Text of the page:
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Frenulectomy in Children
WHAT YOU NEED TO KNOW:
Frenulectomy, or frenulotomy, is surgery to remove a small piece of tissue called the frenulum. A frenulectomy for the tongue may be needed if your child has ankyloglossia (tongue-tie). This condition causes the frenulum to develop too close to the tip of your baby's tongue. The tongue becomes tied down and cannot move as freely as it should. A frenulectomy for the upper or lower lip can help your child's teeth come in correctly. A frenulectomy is usually done if the frenulum is too short, thick, or tight to be divided. Surgery may help your baby breastfeed or help your older child speak more clearly.
Seek care immediately if:
- Your child refuses to feed at all.
- Your child shows signs of dehydration from not feeding well. These signs may include urinating less than usual, crying without tears, or having dry, chapped lips. Your infant may have a sunken fontanel (soft spot) on the top of the head.
- Your child has bleeding from his incision area that is heavy, does not stop, or causes him to choke.
Contact your child's healthcare provider if:
- Your baby has problems with latching onto your breast during breastfeeding.
- Your baby is not satisfied after feedings, or you are having severe nipple pain when breastfeeding.
- You are concerned that your baby is not getting enough breast milk or formula during feedings.
- You find breastfeeding painful.
- Your child has a fever.
- Your child has problems swallowing food.
- Your child has problems saying some words or speaking.
- You have questions or concerns about your child's condition or care.
Your child may need any of the following:
- Antibiotics help prevent or treat a bacterial infection.
- NSAIDs , such as ibuprofen, help decrease swelling, pain, and fever. This medicine is available with or without a doctor's order. NSAIDs can cause stomach bleeding or kidney problems in certain people. If your child takes blood thinner medicine, always ask if NSAIDs are safe for him or her. Always read the medicine label and follow directions. Do not give these medicines to children under 6 months of age without direction from your child's healthcare provider.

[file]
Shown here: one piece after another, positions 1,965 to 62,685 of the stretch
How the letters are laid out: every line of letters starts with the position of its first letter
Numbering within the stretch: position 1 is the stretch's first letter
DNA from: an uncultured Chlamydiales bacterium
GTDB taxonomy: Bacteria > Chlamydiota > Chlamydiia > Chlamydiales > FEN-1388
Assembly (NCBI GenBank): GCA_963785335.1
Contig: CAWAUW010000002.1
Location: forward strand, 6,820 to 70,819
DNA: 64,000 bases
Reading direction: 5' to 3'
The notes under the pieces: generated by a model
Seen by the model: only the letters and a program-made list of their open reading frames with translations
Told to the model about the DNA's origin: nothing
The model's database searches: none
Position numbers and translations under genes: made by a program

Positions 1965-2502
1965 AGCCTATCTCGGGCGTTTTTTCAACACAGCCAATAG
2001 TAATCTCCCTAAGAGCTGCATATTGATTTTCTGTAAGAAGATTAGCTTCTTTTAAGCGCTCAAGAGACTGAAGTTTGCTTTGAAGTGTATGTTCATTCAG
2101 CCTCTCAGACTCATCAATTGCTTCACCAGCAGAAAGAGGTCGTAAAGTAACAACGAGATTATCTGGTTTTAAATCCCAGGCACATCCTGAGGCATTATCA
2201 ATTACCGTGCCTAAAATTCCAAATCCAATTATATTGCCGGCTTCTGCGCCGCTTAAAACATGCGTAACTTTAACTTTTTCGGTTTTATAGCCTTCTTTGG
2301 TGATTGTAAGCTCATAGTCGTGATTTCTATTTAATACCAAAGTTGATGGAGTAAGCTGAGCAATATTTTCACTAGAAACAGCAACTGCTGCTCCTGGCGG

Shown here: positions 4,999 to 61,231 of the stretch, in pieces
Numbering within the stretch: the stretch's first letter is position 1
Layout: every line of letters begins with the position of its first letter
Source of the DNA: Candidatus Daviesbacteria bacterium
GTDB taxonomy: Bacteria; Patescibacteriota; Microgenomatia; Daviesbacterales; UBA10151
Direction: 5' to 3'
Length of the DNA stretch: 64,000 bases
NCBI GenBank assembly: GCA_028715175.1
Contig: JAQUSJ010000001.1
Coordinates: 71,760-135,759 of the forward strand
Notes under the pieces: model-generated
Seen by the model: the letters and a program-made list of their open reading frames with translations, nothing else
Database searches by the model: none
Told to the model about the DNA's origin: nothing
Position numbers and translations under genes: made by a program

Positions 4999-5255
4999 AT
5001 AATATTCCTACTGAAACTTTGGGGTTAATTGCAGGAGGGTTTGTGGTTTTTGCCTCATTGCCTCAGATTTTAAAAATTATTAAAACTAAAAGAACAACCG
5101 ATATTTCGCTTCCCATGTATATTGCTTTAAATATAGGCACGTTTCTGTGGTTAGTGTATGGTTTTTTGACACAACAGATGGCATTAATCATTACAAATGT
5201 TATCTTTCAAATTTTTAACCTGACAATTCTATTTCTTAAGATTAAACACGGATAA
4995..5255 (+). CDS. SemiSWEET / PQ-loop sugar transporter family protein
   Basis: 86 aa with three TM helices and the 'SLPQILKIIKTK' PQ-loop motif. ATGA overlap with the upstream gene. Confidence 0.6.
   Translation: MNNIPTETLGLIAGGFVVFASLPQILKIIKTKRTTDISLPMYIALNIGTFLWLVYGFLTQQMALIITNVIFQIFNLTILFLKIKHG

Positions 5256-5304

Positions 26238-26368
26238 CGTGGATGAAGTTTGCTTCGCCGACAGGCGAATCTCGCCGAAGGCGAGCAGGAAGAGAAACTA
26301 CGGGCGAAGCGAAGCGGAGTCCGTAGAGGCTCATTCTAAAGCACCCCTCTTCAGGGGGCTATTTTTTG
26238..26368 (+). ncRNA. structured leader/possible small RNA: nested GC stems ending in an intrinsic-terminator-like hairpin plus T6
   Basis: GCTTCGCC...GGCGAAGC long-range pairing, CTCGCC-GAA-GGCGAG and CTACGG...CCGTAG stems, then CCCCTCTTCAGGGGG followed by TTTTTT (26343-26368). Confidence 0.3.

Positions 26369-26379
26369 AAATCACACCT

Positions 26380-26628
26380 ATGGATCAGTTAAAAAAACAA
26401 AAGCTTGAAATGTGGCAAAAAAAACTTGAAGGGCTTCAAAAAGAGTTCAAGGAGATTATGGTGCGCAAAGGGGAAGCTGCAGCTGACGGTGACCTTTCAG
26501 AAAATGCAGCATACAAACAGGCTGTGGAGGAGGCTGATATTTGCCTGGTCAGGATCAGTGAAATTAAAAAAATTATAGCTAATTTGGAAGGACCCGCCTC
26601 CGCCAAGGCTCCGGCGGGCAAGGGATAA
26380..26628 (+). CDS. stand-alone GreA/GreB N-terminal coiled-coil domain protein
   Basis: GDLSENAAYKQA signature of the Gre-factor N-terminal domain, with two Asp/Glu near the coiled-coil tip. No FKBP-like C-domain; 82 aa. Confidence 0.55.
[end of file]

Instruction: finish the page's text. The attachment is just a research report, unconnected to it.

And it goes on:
- Do not give aspirin to children under 18 years of age. Your child could develop Reye syndrome if he takes aspirin. Reye syndrome can cause life-threatening brain and liver damage. Check your child's medicine labels for aspirin, salicylates, or oil of wintergreen.
- Give your child's medicine as directed. Contact your child's healthcare provider if you think the medicine is not working as expected. Tell him or her if your child is allergic to any medicine. Keep a current list of the medicines, vitamins, and herbs your child takes. Include the amounts, and when, how, and why they are taken. Bring the list or the medicines in their containers to follow-up visits. Carry your child's medicine list with you in case of an emergency.
Your child's healthcare provider may recommend speech therapy for your older child. Therapy can help your child improve his ability to say certain sounds. The therapist may teach your child tongue exercises to do for 1 month. The exercises can help your child eat and speak normally and prevent tongue scars.
It may be painful for your child to swallow after surgery. Talk to your child's healthcare provider about the amount of liquid your child needs each day. Liquids help prevent dehydration. The provider may be able to suggest ways to make swallowing more comfortable.
Follow up with your child's healthcare provider as directed:
Your child's healthcare provider may need to make sure your child is eating and healing well. Write down your questions so you remember to ask them during your visits.
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The above information is an educational aid only. It is not intended as medical advice for individual conditions or treatments. Talk to your doctor, nurse or pharmacist before following any medical regimen to see if it is safe and effective for you.
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